Riding the redevelopment waves
City, council struggle to respond to dissolution of its RDA
If Chico is typical of what communities are going through because of the dissolution of the 400-plus redevelopment agencies in California, confusion and uncertainty are rampant in the state.
It’s all happening very fast, the law is extremely confusing, and a lot of money is involved—more than $14 million in annual tax increments, in Chico’s case.
At its regular meeting Tuesday (Feb. 7), the City Council received yet another report from City Manager Dave Burkland, Finance Director Jennifer Hennessey and Senior Planner Shawn Tillman, the resident redevelopment expert.
The main problem is AB 26, the bill mandating dissolution of redevelopment agencies, or RDAs, Tillman said. The bill is vague and confusing in places, he said, but efforts to pass follow-up legislation that would make its implementation clearer or easier so far have stalled in the Legislature.
The main issue is unencumbered funds, money the agencies have collected but not allocated—in Chico’s case, some $1.8 million. Tillman was not optimistic that the city would be able to keep the funds.
Hennessey’s explanation of the dissolution budget had everyone scratching their heads. Even she acknowledged that her figures were fluid and subject to change, but if there were any clear messages in her presentation, it was that the city could be looking at a shortfall of $124,000 in 2012-13 and $74,000 in 2013-14 and that staffing adjustments might have to be made.
Redevelopment money pays for 25 to 30 full-time-equivalent positions. Obviously, with the loss of much of that money, something will have to give, but at this point nobody knows what form that will take, Burkland said.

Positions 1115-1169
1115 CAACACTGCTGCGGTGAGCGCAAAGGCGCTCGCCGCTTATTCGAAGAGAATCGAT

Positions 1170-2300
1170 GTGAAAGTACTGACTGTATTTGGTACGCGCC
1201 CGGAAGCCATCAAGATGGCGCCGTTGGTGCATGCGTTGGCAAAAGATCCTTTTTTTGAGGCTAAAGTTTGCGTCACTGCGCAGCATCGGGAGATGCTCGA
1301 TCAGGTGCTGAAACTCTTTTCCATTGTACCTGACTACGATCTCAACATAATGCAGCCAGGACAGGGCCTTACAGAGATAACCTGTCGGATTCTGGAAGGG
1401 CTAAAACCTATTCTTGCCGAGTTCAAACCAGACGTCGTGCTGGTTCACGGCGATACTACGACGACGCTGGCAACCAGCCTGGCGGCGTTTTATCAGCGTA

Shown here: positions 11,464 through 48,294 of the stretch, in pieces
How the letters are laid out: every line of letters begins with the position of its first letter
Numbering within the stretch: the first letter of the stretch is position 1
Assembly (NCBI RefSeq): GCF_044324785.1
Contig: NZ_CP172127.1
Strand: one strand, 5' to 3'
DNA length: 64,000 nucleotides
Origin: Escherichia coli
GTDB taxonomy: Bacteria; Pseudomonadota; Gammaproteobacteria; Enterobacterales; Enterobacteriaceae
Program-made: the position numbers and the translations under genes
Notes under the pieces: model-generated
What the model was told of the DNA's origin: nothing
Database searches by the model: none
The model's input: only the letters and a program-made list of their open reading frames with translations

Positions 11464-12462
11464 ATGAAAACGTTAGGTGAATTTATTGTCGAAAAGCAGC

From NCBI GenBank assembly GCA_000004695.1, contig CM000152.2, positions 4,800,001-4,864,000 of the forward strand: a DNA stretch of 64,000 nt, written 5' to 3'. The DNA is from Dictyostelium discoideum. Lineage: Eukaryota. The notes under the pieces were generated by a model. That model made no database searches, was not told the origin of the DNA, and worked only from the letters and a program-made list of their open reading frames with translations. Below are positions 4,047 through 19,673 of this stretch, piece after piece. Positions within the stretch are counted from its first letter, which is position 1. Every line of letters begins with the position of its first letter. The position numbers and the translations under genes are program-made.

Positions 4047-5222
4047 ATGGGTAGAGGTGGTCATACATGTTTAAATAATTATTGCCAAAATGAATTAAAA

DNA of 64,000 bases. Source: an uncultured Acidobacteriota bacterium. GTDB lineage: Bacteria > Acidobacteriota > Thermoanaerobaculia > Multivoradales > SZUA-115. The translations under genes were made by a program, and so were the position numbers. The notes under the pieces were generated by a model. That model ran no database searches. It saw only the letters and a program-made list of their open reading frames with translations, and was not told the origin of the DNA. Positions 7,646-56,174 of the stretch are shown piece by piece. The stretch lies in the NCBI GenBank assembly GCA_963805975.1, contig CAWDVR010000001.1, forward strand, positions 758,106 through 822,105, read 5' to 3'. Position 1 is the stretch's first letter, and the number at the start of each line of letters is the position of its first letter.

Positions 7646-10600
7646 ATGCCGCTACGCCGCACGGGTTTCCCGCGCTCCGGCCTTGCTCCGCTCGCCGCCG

In a follow-up phone interview, Housing and Neighborhood Services Director Sherry Morgado said her department was adequately funded to handle the three affordable-housing projects now in the works, “but beyond that is where we have uncertainty because there’s nothing to replace the RDA funding.”
She has other revenue sources—loan repayments, for example—but “it’s hard to predict when this money will be available.” All in all, it’s like riding waves, she said, with uncertainty a constant.
“It’s difficult. It’s challenging,” she said, but her staff has “sort of accepted it and is working on developing other sources for affordable-housing revenue,” such as a locally funded trust fund. “As a community we need to figure out what we want to do. Times are going to be leaner.”
Keeping PACE: The council voted unanimously to implement a program that will provide an attractive and affordable method for local businesses to increase the energy- and water-use efficiency of their buildings. Called the PACE (Property Assessed Clean Energy) program, it will create a special assessment district for the entire city in which business owners will have access to 20-year loans financed by the Pacific Housing & Financing Agency, a joint-powers group with more than 60 member jurisdictions. The loans will be paid back as an assessment on property taxes.
Ruben Martinez, the city’s general services director, said the program’s benefits are threefold: It will promote job growth, foster water- and energy-use reductions, and cost the city nothing.
Paul Sullivan, sales manager at Alternative Energy Systems, told the council several major potential solar projects are just waiting for PACE implementation.
Count Rucker in: City Clerk Debbie Presson announced that she was about to send out a request for proposal to nine headhunter agencies so the council can choose one of them to search for a replacement for Burkland, who is retiring at the end of August. She expects to have the RFPs back in time for the council’s March 6 meeting.
Interviewed following the meeting, Assistant City Manager John Rucker said that, “absolutely,” he was throwing his hat in the ring for the job.